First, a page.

Evaluation that Empowers - how organisations become evaluation-minded

Evaluation that Empowers or EtE is a model for creating evaluation-mindedness where evaluative practices become normal day to day actions for organisations. EtE can support the development of agile, lean and responsive evaluations, which can remain as individual discrete projects  or can provide a catalyst for building organisation evaluation strategy.

Evaluation-mindedness enables organisations to:

How EtE works

The EtE model consists of seven distinct themes which are defined through self-assessment questions. These create the basis for an Evaluative Conversation and are the starting point for the evaluation-minded journey.

EtE Themes are:

Evaluation that empowers - doctoral studies (2009-2016)

This research grew out of my concern that the dominant discourse about evaluation in the UK limits how it is defined, recognised and practised. It is a discourse which primarily values performance, accountability, results and value for money. In this research, ‘Evaluation that Empowers’ (EtE) aims to present a different discourse about evaluation that recognises other voices within the evaluation mix. This perspective embraces a broader definition of evaluation where: learning and development are a priority, and where the roles of evaluator and participants are collaborative and mutually recognised. 

The purpose of this research was to explore, develop, test and refine the EtE theoretical model against the real-life evaluation experience and practice in organisations. The EtE Model develops the notion of ‘evaluation-mindedness’ as the capacity for an organisation to create a deep and sustainable change in how it thinks about and embeds evaluation practices into its day to day actions.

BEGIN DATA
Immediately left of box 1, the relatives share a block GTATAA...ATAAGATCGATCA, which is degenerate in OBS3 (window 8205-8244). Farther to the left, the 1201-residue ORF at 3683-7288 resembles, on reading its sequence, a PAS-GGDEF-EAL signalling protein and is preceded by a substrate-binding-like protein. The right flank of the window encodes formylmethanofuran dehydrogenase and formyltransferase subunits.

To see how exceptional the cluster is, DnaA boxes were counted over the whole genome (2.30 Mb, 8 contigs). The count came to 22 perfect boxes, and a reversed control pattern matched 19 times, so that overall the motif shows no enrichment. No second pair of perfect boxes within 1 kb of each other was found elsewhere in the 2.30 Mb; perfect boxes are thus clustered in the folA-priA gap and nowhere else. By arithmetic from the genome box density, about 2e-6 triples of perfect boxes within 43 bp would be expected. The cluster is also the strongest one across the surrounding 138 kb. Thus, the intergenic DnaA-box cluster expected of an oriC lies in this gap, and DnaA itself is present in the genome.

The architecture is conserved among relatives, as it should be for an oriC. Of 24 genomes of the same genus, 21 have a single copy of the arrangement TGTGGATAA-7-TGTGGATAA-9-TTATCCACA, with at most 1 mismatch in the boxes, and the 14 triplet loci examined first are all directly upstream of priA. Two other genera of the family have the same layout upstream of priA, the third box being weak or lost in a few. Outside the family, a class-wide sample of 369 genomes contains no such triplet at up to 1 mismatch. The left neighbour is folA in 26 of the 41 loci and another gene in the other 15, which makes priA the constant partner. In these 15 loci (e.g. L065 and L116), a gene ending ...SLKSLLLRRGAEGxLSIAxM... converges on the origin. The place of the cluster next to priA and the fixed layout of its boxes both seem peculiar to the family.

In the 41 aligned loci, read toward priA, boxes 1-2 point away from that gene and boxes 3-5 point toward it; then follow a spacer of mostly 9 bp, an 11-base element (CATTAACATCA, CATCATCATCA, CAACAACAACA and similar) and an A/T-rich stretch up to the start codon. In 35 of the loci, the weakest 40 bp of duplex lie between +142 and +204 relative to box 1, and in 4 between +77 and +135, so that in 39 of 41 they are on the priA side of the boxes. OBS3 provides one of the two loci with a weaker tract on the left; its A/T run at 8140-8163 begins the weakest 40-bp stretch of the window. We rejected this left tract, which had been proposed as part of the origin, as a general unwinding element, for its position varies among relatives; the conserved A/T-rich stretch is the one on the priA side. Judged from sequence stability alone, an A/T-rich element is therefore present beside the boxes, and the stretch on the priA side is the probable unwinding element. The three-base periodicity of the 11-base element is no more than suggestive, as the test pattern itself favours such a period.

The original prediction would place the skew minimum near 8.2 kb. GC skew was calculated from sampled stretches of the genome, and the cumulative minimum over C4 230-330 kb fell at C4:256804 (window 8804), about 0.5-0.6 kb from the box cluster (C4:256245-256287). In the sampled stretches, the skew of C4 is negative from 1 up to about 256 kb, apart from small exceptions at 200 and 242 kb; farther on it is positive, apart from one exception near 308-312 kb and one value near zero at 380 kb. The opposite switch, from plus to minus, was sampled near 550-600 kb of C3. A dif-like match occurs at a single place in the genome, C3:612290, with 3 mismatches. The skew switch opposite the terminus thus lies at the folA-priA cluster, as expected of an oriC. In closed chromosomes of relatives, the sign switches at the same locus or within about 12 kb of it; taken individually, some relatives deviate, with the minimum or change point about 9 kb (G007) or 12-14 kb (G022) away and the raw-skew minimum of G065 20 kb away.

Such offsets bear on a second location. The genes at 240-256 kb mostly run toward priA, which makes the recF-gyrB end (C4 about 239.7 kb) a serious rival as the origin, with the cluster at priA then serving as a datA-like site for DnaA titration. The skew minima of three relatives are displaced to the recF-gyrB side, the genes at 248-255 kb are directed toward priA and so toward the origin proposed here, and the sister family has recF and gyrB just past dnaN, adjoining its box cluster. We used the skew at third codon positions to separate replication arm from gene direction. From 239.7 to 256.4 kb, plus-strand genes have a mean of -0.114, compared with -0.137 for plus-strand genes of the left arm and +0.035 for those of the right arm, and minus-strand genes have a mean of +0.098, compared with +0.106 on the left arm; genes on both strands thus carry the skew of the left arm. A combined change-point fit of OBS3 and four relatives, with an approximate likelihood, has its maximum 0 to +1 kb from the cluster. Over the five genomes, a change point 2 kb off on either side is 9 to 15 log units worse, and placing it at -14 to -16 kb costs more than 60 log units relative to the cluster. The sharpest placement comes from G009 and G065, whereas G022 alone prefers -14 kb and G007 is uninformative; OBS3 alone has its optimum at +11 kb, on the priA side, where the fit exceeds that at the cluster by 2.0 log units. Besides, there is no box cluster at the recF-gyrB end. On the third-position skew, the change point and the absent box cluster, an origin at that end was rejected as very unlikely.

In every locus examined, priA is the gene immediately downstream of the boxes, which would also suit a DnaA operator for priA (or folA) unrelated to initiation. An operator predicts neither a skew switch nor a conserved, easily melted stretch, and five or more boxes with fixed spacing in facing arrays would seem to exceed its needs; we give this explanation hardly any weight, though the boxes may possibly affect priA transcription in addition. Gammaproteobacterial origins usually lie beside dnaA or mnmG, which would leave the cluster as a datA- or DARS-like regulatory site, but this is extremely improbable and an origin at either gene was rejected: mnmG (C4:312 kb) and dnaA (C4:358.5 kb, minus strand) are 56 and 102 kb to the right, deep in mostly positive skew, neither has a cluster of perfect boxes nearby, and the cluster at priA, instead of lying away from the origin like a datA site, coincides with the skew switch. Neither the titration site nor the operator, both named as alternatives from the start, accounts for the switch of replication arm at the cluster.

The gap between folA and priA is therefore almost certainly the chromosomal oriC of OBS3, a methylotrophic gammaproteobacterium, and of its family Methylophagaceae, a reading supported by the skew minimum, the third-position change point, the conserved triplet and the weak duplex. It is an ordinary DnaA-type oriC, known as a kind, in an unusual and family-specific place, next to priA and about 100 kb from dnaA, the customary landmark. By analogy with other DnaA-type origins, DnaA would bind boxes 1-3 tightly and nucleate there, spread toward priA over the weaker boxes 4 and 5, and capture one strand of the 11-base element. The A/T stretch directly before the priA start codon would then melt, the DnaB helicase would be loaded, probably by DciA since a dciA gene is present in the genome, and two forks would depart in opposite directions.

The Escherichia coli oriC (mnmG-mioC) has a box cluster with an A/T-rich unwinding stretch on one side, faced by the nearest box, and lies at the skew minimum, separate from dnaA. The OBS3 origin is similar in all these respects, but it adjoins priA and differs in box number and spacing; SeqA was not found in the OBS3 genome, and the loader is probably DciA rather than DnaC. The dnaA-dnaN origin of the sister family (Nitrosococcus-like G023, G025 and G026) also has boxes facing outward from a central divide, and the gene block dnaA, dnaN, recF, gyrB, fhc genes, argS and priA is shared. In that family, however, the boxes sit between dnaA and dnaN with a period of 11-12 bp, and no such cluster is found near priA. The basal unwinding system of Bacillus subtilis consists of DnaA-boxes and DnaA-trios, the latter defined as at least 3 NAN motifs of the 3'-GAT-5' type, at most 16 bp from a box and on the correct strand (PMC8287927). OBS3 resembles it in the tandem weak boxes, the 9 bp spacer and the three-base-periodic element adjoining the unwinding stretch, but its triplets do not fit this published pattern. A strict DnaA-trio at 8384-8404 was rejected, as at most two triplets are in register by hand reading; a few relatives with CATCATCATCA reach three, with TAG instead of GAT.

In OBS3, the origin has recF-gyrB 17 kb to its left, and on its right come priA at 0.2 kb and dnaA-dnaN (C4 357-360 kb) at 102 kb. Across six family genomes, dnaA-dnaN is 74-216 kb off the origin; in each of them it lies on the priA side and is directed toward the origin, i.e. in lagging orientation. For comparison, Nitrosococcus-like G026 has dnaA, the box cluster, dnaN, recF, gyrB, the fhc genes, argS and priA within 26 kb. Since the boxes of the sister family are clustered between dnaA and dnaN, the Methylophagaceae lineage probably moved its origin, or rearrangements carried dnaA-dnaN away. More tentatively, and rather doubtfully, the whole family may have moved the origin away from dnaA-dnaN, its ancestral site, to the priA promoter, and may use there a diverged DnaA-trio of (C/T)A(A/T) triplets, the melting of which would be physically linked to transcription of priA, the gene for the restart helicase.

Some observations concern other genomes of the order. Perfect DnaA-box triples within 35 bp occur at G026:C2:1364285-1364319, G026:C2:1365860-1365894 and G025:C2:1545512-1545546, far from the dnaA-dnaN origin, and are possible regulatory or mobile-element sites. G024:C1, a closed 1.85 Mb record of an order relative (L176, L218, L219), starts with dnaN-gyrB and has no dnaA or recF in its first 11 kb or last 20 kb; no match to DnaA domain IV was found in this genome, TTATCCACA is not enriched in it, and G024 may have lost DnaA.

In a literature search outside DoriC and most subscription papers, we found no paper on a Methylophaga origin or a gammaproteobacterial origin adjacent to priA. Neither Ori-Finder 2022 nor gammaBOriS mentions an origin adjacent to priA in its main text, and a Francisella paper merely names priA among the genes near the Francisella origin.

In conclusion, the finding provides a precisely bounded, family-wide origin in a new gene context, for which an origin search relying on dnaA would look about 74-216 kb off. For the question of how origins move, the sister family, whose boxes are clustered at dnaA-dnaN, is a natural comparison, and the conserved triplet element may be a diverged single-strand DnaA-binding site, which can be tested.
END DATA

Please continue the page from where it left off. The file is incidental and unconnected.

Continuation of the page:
The research used a theory building approach over four distinct iterative studies:
  1. the literature review provided a guiding framework for future empirical studies;
  2. the EtE Model was applied and refined in the context of a single longitudinal case study;
  3. a further literature review provided a critical review of the EtE Model in relation to current Evaluation Capacity Building literature.
  4. the EtE Model was developed into an evaluative conversation (The EtE Toolkit) and was field tested in two organisations. 

Findings suggest that organisations benefited from staff and volunteers engaging in critical discussion and self-assessment of their evaluation practices. For one organisation, the EtE conversation highlighted broader organisational issues, another organisation planned to adapt the EtE process to support self-evaluation across its service teams, and for one participant an emerging story of professional development was generated.

This research has made an original contribution to the theory and practice of evaluation by developing a model and toolkit for engaging key evaluation stakeholders in a process of critical review of evaluation policy and practice or a meta-evaluation of evaluation. It has explored and developed the concept of evaluation-mindedness which can be applied to organisations, teams and individuals.

Published work:

Greenaway, L. (2013). Evaluation that empowers: generating evaluation-minded organisations. Evaluation Journal of Australasia, 13 (2) 3-8.

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